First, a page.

What is a bath bomb?
Bath bombs, also known as bath fizzers, are dry ingredients that are designed to effervesce once in contact with warm water. Once it hits the water, it releases essential oils, scents, colors, and bubbles to elevate your bath experience. Bath bombs can help condition the skin and soothe sore muscles. Additionally, they may help detox and relax the body and mind. The great thing about bath bombs is that they contain the precise amount of oils and bath salts that you would normally have to purchase separately. Not only does using bath fizzers speed up the bath time process, but they make the experience so much better.
Main Chemicals, Compounds, Components
Sodium bicarbonate (NaHCO3), also known as baking soda or sodium hydrogen carbonate, is one of the two main parts of bath bombs. It is a slightly alkaline, white powder with a pH of 8.3 and no odor. Because this ionic compound is a weak base, it does not completely ionize in water. Baking soda forms sodium and bicarbonate ions upon separation, which buffers excess hydrogen ions and leads to a higher blood pH. The melting point is 108.8 C°, the boiling point is 851.1 C°, and the density is 2.1 g/cm³.
Citric acid (C6 H8O7) is colorless and odorless with an acidic taste due to its pH of 3.24. It is found in citrus fruits and is a key factor in metabolism. Citric acid maintains stability among ingredients, so it is used as a preservative. Pharmaceutical preparations often use citric acid because of this molecules antioxidant properties. It chelates calcium in the blood, which treats heavy metal poisoning. The melting point is 152.7 C°, the boiling/decomposing point is 310 C°, and the density is 1.665 g/cm³.
How are Bath bombs made?
Baking soda is derived from soda ash. Soda ash is obtained by passing carbon dioxide and ammonia through a solution of concentrated NaCl (AKA table salt), or it is mined in an ore called trona.
Cultures are fed sucrose or glucose to produce citric acid. The source of these products is usually molasses, or other cheap sugars. The mold is filtered out to isolate the citric acid and then precipitated with calcium hydroxide to produce citrate salt. This is then treated with sulfuric acid, as in the extraction from citrus fruit juice.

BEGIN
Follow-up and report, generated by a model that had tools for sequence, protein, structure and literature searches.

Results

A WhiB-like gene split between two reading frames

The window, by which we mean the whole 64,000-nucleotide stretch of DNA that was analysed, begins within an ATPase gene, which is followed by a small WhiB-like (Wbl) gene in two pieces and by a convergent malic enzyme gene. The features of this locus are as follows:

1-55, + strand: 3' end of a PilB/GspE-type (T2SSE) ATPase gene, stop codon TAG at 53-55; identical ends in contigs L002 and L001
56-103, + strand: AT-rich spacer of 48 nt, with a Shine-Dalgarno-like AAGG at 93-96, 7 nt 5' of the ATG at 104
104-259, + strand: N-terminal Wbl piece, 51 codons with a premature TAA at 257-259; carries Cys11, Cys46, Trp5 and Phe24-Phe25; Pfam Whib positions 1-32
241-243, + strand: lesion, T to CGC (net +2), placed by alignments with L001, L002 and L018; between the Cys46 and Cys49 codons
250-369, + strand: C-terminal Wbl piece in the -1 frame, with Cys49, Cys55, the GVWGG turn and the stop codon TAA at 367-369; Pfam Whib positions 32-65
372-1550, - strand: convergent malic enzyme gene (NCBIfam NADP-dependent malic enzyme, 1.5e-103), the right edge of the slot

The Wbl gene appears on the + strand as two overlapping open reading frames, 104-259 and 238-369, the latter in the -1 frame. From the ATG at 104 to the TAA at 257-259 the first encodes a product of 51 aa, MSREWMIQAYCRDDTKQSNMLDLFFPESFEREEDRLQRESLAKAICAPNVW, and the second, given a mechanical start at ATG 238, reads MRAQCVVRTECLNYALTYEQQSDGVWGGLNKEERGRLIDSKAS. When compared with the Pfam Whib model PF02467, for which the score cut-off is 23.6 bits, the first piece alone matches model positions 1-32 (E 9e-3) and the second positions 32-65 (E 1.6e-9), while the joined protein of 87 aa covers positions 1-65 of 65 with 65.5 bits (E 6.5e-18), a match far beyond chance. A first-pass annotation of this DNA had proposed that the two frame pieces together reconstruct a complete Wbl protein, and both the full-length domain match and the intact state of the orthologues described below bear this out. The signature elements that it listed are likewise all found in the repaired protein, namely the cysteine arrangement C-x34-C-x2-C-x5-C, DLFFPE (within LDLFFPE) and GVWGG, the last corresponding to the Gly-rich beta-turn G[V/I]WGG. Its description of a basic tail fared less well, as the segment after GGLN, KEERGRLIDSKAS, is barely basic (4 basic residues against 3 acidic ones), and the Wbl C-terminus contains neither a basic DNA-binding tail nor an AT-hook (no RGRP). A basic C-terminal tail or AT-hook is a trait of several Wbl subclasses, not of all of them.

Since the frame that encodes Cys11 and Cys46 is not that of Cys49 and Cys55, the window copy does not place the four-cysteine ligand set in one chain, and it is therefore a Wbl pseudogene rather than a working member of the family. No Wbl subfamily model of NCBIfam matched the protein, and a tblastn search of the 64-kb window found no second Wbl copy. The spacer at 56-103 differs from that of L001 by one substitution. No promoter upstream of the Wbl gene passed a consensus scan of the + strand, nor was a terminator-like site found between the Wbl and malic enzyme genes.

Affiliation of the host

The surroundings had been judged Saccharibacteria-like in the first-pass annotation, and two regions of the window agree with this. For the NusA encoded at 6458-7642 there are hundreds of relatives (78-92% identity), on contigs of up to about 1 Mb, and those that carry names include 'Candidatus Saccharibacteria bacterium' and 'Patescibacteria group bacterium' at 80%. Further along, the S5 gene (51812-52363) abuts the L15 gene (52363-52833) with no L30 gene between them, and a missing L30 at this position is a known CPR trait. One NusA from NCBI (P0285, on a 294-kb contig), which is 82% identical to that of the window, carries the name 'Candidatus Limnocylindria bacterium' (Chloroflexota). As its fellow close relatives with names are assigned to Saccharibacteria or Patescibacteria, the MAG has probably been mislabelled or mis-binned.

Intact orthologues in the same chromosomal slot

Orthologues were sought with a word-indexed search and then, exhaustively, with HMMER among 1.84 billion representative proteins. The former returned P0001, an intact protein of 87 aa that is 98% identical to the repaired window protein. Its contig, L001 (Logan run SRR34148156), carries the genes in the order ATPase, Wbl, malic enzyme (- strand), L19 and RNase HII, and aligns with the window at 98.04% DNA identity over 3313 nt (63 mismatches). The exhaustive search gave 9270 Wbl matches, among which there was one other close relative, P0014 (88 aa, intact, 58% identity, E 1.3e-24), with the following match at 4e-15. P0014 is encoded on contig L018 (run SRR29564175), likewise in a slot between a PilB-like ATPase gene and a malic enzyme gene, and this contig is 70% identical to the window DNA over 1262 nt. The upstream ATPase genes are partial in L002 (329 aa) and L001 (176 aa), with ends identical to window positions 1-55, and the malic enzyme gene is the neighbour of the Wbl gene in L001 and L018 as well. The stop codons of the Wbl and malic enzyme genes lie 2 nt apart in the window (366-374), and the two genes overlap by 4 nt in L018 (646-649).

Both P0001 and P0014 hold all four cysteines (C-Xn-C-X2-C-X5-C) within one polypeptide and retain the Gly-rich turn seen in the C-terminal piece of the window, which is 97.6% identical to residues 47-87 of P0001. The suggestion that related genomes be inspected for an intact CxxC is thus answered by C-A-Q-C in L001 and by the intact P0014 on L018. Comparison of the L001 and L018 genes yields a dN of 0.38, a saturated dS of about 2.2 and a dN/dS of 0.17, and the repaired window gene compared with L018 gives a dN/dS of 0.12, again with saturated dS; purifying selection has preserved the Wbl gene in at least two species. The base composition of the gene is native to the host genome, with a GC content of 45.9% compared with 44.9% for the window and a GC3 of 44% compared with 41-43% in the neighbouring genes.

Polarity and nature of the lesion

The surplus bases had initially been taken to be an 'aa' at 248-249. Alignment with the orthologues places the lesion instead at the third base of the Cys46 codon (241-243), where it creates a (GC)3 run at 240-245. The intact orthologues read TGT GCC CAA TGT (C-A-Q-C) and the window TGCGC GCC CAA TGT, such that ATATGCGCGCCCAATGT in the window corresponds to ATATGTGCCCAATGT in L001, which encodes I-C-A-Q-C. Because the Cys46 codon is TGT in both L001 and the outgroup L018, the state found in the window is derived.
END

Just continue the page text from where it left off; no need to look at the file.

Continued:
The cornstarch and water mixture has a high viscosity, which helps to hold the citric acid and baking soda together. Cornstarch is made of long starch molecules. When forced together, they trap the water between the strands of starch. As the bath bomb dries in the mold, the water evaporates, leaving a solid structure. Then, when the bath bomb is set into a larger mass of water [full bath tub], the ratio of cornstarch to water is too uneven to form a semi-solid again.
One wonderful aspect of bath bombs is that they are chemistry that can be prepared right from the kitchen. However, combining the ingredients can be a little tricky. The wet ingredients will initiate the reaction between the baking soda and citric acid, so it is important to blend the coconut oil mix quickly with the dry mix. Once all of the ingredients are mixed thoroughly, the mixture is pressed into molds to dry. When dried, the bath bomb is complete, and will react with the warm bath water.
Upon touching the water, the citric acid + baking soda yields Sodium Citrate (Na3C6H5O7) + Water (H2O) + Carbon Dioxide (CO2). Effervescence occurs as the CO2 is produced, resulting in fizzing and foaming. The food coloring (indigotine = C16H8N2Na2O8S2) dissipates and dyes the bath water faintly. The epsom salts are dissolved by the water, and the essential oils disperse as well, leaving the water mildly fragrant and lightly tinted whatever color was used.